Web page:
Family Court Hearings to be Accountable and Open
The family court system will be made more accountable to the public under proposals for consultation announced by Constitutional Affairs Minister Rt. Hon. Harriet Harman QC MP today. The plans will see the family court system opened to the media so that they can report on their work to the public. This will affect a range of cases including those where a local authority acts to take a child into care, or where parents dispute child contact or residence. The proposals also include new safeguards to ensure the anonymity and privacy of individuals.
At present most family court proceedings are held in private, with the media not allowed in and the decisions taken generally not made public. Even on reaching adulthood children whose lives have been changed by a decision are not able to discover what the court ordered and why. Different rules about reporting apply to different courts, and there is a lack of accountability with even elected representatives and professional inspection bodies having to apply for permission to go into the court. This has led to a perception that the courts operate in secret, and a resulting loss of public confidence and trust in the family courts.
Harriet Harman said: “It is hard to overstate the importance of the work the family courts do and the difficult judgments they have to make. Family courts make decisions that have important effects on people’s lives and that affect them forever. Taking a child from its mother and placing it for adoption changes the life of that child, and that mother, irrevocably. The right judgment can mean the child’s life can be saved. But taking a child from its birth mother is, if it’s a miscarriage of justice, no lesser injustice than a wrongly imposed life sentence – both for the mother and the child.
“People don’t understand the complexity and importance of the work of the family courts, but that is an unfortunate yet inevitable consequence of sitting in secret and making judgments behind closed doors. Public confidence depends on public scrutiny. It has to be seen to be believed and justice not only has to be done, it has to be seen to be done – including in the family courts. Greater openness will mean a greater understanding of the courts’ work and recognition for those involved. Privacy is necessary to protect families seeking justice – but privacy is not necessary to protect the courts. The courts have nothing to hide.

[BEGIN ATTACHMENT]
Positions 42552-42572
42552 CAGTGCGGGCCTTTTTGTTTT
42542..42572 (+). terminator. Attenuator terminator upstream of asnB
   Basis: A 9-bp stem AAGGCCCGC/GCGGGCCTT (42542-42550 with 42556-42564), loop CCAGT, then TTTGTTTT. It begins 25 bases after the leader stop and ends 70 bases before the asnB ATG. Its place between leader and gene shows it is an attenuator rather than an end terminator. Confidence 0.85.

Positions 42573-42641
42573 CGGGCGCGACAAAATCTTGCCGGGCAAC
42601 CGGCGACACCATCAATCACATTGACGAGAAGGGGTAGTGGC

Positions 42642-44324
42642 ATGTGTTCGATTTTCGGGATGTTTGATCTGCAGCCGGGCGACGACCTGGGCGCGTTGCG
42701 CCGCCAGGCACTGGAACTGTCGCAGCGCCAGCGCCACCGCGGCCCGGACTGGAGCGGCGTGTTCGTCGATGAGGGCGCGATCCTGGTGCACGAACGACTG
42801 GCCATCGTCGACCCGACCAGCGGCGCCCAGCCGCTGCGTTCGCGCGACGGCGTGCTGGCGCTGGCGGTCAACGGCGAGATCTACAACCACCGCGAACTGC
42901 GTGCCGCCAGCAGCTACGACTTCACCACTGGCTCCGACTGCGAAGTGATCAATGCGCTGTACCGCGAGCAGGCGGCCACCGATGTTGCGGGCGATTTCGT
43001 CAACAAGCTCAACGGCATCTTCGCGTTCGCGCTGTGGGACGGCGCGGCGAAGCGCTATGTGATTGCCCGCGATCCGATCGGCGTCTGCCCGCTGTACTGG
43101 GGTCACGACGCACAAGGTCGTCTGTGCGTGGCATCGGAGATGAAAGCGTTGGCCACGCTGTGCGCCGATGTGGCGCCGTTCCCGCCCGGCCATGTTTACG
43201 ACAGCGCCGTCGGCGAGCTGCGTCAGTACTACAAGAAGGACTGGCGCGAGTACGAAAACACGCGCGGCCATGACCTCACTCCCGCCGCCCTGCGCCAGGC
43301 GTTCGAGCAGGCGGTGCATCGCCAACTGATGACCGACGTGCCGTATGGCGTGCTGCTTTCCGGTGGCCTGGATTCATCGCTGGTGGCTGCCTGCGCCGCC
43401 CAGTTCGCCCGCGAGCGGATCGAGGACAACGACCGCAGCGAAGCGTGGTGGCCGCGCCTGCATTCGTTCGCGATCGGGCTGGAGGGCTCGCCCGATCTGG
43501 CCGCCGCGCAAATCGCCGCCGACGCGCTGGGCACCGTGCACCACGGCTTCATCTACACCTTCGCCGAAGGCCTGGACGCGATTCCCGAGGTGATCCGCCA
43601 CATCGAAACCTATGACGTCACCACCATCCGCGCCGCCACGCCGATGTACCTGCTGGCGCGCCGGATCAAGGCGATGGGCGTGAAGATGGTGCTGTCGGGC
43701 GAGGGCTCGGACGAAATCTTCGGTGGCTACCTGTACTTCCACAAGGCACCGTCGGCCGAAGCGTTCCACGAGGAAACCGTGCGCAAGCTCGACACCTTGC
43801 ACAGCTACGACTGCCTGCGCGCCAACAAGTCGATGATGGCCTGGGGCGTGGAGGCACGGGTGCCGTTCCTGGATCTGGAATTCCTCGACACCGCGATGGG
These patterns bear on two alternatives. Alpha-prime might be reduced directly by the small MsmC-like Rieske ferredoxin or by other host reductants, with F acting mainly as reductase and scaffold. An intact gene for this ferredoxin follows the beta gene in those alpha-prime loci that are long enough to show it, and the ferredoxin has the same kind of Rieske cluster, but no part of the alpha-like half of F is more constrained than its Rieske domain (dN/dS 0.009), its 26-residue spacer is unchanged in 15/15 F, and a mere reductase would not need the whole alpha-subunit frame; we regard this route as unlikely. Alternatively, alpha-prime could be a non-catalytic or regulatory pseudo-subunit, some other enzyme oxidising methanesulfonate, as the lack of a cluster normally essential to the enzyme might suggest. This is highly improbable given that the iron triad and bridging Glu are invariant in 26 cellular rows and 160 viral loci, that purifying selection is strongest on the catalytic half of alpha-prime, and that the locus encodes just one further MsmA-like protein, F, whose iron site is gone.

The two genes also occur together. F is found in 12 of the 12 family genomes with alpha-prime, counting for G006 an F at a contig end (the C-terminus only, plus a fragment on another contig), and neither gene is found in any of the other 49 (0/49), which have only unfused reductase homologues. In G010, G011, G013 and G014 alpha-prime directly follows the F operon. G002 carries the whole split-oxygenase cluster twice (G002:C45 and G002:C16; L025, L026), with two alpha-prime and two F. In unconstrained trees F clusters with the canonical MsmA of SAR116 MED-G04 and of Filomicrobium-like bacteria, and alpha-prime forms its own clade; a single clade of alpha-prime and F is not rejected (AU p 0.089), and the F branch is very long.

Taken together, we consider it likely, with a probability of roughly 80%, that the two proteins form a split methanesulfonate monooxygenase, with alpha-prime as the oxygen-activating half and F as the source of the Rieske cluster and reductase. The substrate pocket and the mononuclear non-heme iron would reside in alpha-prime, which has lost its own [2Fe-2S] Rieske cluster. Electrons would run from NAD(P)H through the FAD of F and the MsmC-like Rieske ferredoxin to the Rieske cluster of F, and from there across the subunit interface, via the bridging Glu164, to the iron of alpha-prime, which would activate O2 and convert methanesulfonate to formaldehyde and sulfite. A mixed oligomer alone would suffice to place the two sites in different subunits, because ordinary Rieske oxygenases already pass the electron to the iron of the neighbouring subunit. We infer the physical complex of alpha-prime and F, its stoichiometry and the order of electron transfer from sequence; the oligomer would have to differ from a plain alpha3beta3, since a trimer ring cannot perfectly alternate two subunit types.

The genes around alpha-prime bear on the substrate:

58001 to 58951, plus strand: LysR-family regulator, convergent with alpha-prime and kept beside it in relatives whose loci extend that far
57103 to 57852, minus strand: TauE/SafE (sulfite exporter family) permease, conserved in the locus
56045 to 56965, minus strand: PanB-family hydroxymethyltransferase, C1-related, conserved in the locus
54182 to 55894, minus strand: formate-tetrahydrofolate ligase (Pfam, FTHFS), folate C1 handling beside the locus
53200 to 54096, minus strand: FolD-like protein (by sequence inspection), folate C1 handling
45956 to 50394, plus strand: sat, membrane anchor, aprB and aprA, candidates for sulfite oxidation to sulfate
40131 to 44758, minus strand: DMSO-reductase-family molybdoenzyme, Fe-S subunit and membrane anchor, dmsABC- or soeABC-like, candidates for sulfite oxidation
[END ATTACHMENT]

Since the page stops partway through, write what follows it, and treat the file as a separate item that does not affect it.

“Opening up the courts and building confidence in the family justice system is important not just for the general public, but for the people involved in the proceedings. Currently it is difficult for a child, even once adult, to find out why the family court ordered that they should live with mother and not see father – or vice versa. This paper seeks a consistent approach to retaining relevant information that they can choose to access when they reach adulthood.”
The proposals contained in a new DCA consultation paper, ‘Confidence and Confidentiality: Improving Transparency and Privacy in Family Courts’
lay out improvements to:
- Make a single set of rules about who is allowed in to family cases and what can be reported regardless of the court where they are heard.
- Allow the media to attend proceedings as of right so that they can report matters to the public, subject to individual anonymity being observed and the discretion of the court.
- Consult on the provision of better information to children involved in family proceedings once they are adults.
- Allow the court to enable attendance by inspectors and elected representatives such as MPs and council members.
- Ensure anonymity for children and adults involved in family justice through reporting restrictions, but enabling the court to increase or relax these as the case requires.
- Introduce a new criminal offence for breaches of reporting restrictions.
In 2004 the family courts received more than 400,000 applications with most hearings taking place in family proceedings courts, county court and the High Court. The present system is complicated by different access rules for different courts, even though they may be hearing the same types of cases. Proposals for greater openness have been welcomed by a range of groups and individuals including senior judiciary, lawyers, campaign groups and MPs.